If you read any SEO websites on a regular basis (not that you have to, that’s one of the things we do for you), but, if you do read any SEO sites or newsletters, you’ll notice that there are often two camps – “Content is what counts!” vs. “Backlinks are obligatory!”
In the end, really, both camps are correct: Good, strong content, properly optimized for both search engines and site visitors, sets the table for a successful website.
But you’re not going to get the gang around the table, gobbling all the good things you’ve set out for them, without backlinks.
Backlinks – links from other websites back to yours – are the dinner bell and yummy smells that draw site visitors in and keep your website viable.
However, like food smells, not all backlinks are created equal. Just as a plate of cold cuts won’t entice noses to the table like a pile of hot-off-the-grill burgers would, some backlinks really do bolster your website’s search engine performance, and some don’t.
Current B2B SEO research shows that good backlinks share a lot of the same characteristics, including:
The age of the domain that provides the link– websites with older domain names are usually considered to have more authority than new sites, so a link from a long-standing website in your industry generally has more worth than a link from a new, relatively unknown website.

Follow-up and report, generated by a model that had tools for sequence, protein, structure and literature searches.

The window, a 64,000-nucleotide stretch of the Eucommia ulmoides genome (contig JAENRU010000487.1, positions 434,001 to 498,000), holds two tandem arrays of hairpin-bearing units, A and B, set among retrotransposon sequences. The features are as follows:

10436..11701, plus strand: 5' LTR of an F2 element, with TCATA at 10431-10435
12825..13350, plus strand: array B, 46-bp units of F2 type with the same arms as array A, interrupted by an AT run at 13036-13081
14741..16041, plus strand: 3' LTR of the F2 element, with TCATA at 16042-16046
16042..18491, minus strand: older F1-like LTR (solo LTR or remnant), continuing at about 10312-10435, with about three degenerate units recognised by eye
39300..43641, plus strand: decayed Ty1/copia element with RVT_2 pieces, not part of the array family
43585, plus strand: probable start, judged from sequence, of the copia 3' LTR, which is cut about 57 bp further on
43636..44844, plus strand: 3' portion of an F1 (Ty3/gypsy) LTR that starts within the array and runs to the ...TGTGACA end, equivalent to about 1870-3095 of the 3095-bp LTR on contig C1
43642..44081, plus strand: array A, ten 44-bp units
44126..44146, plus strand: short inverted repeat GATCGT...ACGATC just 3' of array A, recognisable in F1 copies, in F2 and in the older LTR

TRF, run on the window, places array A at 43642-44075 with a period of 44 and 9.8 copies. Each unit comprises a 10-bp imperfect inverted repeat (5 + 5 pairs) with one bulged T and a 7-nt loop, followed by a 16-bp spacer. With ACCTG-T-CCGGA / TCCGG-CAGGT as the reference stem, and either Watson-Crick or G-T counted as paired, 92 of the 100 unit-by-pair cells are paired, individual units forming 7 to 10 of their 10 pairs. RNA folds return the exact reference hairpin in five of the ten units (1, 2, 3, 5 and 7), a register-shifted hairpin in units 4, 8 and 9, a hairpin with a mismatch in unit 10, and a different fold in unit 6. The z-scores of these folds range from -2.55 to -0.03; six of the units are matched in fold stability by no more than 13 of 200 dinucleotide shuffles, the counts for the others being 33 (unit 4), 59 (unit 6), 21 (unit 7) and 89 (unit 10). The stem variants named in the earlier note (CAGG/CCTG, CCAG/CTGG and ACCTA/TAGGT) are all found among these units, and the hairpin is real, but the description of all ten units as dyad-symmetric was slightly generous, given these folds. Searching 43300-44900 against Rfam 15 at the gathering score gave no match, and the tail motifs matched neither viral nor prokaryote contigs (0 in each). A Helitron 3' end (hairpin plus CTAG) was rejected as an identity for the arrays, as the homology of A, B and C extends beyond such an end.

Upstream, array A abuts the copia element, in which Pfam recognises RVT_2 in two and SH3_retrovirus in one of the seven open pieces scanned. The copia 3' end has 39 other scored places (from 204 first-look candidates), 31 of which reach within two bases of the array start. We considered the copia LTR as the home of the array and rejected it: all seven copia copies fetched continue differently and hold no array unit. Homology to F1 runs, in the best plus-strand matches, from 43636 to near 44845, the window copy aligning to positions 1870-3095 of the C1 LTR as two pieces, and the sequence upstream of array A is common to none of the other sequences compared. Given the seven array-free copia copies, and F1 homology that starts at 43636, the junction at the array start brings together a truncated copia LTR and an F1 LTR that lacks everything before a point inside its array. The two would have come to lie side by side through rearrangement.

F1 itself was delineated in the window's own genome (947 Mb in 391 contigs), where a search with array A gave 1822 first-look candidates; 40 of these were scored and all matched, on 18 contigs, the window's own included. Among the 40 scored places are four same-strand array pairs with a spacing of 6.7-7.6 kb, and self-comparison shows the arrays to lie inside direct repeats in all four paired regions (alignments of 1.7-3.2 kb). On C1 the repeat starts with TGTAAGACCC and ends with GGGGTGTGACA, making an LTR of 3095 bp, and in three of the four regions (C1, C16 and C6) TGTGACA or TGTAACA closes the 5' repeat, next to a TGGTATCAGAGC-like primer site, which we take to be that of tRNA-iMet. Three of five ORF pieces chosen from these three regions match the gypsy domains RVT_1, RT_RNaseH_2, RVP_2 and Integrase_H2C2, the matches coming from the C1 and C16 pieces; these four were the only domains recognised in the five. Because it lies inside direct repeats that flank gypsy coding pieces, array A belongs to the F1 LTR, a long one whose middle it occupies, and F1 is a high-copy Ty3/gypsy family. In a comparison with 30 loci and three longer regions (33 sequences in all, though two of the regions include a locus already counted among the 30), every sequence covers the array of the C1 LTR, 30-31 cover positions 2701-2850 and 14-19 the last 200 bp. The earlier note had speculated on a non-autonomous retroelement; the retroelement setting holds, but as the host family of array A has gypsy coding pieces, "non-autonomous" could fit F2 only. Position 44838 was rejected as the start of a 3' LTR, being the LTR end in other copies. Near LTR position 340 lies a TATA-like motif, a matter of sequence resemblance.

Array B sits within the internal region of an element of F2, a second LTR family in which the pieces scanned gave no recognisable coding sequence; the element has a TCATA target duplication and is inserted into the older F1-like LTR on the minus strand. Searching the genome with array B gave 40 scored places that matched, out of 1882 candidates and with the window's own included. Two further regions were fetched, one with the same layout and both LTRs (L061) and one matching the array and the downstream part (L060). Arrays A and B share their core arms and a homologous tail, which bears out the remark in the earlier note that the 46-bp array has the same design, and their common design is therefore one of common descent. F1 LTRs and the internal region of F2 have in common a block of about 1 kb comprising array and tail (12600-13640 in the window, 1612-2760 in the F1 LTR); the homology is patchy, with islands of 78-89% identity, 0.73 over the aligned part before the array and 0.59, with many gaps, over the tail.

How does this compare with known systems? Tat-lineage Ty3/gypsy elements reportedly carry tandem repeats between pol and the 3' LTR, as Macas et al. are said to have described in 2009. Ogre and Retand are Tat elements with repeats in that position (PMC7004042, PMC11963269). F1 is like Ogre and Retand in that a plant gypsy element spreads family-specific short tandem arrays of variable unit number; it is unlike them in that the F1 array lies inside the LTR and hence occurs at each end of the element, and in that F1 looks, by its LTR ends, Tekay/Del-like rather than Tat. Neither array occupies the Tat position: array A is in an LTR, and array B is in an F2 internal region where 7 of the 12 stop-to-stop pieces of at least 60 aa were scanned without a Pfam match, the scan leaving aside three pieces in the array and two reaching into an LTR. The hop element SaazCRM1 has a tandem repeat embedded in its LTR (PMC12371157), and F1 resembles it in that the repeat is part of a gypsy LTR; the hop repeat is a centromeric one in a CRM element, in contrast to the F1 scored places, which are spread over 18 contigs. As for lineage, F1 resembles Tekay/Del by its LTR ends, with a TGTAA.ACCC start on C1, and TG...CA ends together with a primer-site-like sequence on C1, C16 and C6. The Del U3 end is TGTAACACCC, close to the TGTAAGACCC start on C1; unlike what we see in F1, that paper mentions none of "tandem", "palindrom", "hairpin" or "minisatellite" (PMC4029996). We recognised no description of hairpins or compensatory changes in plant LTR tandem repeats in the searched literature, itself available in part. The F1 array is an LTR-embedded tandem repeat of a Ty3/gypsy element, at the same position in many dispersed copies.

The authority of the page and domain that provide the link– “authority” is a generally accepted term meaning a site is relevant and trusted for specific topics. This works hand in hand with the age of the domain – the most valuable links come from the oldest websites that are considered authoritative in your industry. A link from a 15-year-old website that writes specifically about your market normally is more worthwhile than a link from a 20-year-old site that doesn’t have anything to do with your field.
The link’s location– a link from an authoritative website’s home page is worth more than a link from a page deeper within the site; a link in the content of a page is more valuable than a link automatically added to a list of links along the bottom of a page; a link toward the beginning of the content on a page has more power than a link at the end of the content.
The wording of a link– also called “anchor text.” Links that contain your keywords generally are more worthwhile than those that contain terms like “click here” or “website”.
The wording around the link-- search engines actually do pay attention to the context of backlinks. A link in a sentence like “B2B SEO companies that provide optimized content and a comprehensive off-page linking program – like industrial marketer Pilot Fish – offer the best value for a manufacturer’s marketing dollar” gives the search engines more useful information and is more worthwhile than a link in a sentence like “Pilot Fish is good to work with.”
Back to our dinner-table analogy: Being able to tell the difference between a good backlink and a not-so-great backlink requires skill and knowledge just as telling the difference between ripe and unripe cantaloupes does.
If you want to ensure your SEO table is set with the freshest, most enticing fare, you want the help of a company that understands content writing and link building. Contact Pilot Fish today for the assistance you need or call 330-666-5164, ext. 2102.